Dna Labs Reheating Cold Cases
As DNA analysis tools get more sophisticated, many unsolved crimes are being reopened in hopes of uncovering new information. In Utah, the Salt Lake Valley main crime lab is the only facility able to conduct DNA tests; three criminalists and a supervisor work there. DNA profiles can be generated from samples as small as 40 to 50 intact cells from such different sources as cigarette butts, hair, or a piece of bitten fruit.
Salt Lake County Sgt. Keith Stephens say the potential to use small pieces of evidence for DNA tests has prompted officers to be more cautious when entering a crime scene. Officers might also request evidence specialists who search for such subtle evidence as saliva, says Stu Smith, Utah’s Forensic Services Director.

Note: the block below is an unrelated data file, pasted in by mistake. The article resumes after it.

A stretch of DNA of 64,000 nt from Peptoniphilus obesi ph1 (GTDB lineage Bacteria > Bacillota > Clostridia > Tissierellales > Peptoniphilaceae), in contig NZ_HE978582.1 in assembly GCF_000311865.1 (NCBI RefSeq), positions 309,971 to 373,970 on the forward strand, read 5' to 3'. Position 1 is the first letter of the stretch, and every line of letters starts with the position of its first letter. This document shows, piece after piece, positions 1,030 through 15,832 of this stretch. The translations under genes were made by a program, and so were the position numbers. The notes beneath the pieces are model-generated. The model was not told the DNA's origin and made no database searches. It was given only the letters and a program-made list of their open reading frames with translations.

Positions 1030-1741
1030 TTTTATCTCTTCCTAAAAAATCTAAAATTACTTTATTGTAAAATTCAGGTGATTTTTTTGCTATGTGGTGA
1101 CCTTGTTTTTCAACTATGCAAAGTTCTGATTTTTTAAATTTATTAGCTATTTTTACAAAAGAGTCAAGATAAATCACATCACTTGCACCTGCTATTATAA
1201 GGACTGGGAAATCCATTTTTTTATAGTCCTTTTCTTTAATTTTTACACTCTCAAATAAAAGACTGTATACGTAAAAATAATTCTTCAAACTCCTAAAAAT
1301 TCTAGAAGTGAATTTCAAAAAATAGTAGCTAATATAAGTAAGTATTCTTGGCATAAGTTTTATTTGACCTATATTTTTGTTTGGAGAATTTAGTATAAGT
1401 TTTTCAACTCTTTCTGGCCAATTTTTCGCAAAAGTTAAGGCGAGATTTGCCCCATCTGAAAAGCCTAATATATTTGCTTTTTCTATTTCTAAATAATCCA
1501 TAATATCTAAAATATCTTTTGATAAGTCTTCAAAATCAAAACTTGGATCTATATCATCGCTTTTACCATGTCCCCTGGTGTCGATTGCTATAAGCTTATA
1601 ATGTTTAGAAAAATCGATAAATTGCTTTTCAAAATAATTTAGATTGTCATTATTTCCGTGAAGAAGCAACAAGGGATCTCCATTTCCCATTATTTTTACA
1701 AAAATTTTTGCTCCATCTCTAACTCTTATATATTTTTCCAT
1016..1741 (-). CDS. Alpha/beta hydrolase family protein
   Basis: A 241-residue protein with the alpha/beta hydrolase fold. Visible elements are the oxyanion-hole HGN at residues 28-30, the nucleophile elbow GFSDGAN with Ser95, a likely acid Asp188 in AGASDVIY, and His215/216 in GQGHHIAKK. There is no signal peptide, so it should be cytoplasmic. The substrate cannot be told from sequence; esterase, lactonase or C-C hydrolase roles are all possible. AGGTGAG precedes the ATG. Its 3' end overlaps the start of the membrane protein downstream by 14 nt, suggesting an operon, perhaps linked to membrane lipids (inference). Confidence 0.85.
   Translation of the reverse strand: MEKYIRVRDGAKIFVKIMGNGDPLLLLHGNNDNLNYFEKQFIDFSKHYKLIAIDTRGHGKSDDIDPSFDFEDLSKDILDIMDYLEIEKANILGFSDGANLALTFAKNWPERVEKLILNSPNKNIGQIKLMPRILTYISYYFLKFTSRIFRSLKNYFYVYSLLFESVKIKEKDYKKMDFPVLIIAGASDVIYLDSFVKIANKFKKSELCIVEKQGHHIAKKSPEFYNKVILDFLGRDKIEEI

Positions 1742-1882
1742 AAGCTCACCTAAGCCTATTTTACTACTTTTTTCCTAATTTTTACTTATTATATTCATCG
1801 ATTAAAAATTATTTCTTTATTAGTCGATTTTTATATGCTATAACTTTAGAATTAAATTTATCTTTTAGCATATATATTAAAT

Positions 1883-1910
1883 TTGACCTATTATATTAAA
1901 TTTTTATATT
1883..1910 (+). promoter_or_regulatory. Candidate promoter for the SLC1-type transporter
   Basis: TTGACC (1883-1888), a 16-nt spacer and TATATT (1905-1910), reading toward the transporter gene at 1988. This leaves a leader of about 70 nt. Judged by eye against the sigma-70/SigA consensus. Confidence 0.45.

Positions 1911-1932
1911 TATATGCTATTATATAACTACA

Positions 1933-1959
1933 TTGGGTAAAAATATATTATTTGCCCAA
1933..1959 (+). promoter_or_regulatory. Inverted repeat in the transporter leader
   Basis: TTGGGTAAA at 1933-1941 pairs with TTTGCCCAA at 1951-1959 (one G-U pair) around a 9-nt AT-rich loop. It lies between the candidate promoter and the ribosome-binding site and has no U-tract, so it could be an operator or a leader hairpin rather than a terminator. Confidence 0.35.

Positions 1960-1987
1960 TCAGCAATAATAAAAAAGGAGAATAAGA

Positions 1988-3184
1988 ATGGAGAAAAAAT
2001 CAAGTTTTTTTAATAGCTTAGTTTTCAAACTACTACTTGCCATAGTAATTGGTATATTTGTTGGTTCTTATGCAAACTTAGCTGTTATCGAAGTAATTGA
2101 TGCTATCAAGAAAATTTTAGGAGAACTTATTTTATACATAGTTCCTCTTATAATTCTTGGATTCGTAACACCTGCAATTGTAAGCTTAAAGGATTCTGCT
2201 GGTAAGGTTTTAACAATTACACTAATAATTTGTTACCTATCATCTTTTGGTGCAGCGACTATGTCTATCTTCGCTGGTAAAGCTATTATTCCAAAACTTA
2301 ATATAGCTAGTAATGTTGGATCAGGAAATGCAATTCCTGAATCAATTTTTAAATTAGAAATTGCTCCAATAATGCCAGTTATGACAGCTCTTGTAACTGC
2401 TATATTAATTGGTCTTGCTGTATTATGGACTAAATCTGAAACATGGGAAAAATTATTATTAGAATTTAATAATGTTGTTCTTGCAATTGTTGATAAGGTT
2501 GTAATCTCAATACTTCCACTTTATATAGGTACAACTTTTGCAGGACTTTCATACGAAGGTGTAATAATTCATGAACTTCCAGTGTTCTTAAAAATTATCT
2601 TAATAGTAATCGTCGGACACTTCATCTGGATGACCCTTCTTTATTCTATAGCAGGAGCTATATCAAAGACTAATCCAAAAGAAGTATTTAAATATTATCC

The state was one of the first to join CODIS, a nationwide database that allows recovered DNA samples from crime scenes to be compared with DNA profiles from hundreds of thousands of convicted felons. Because a probability of error of 1 in 1,000 is inadmissible in court, evidence has to be collected and evaluated carefully to ensure reliable results.
DNA tests usually cost a minimum of $700 each and require six weeks to two months for processing, but urgent cases can be completed by the lab in a day.
Abstracted by the National Law Enforcement and Corrections Technology Center(NLECTC) from the Salt Lake Tribune (07/26/04) P. B1; Canham, Matt .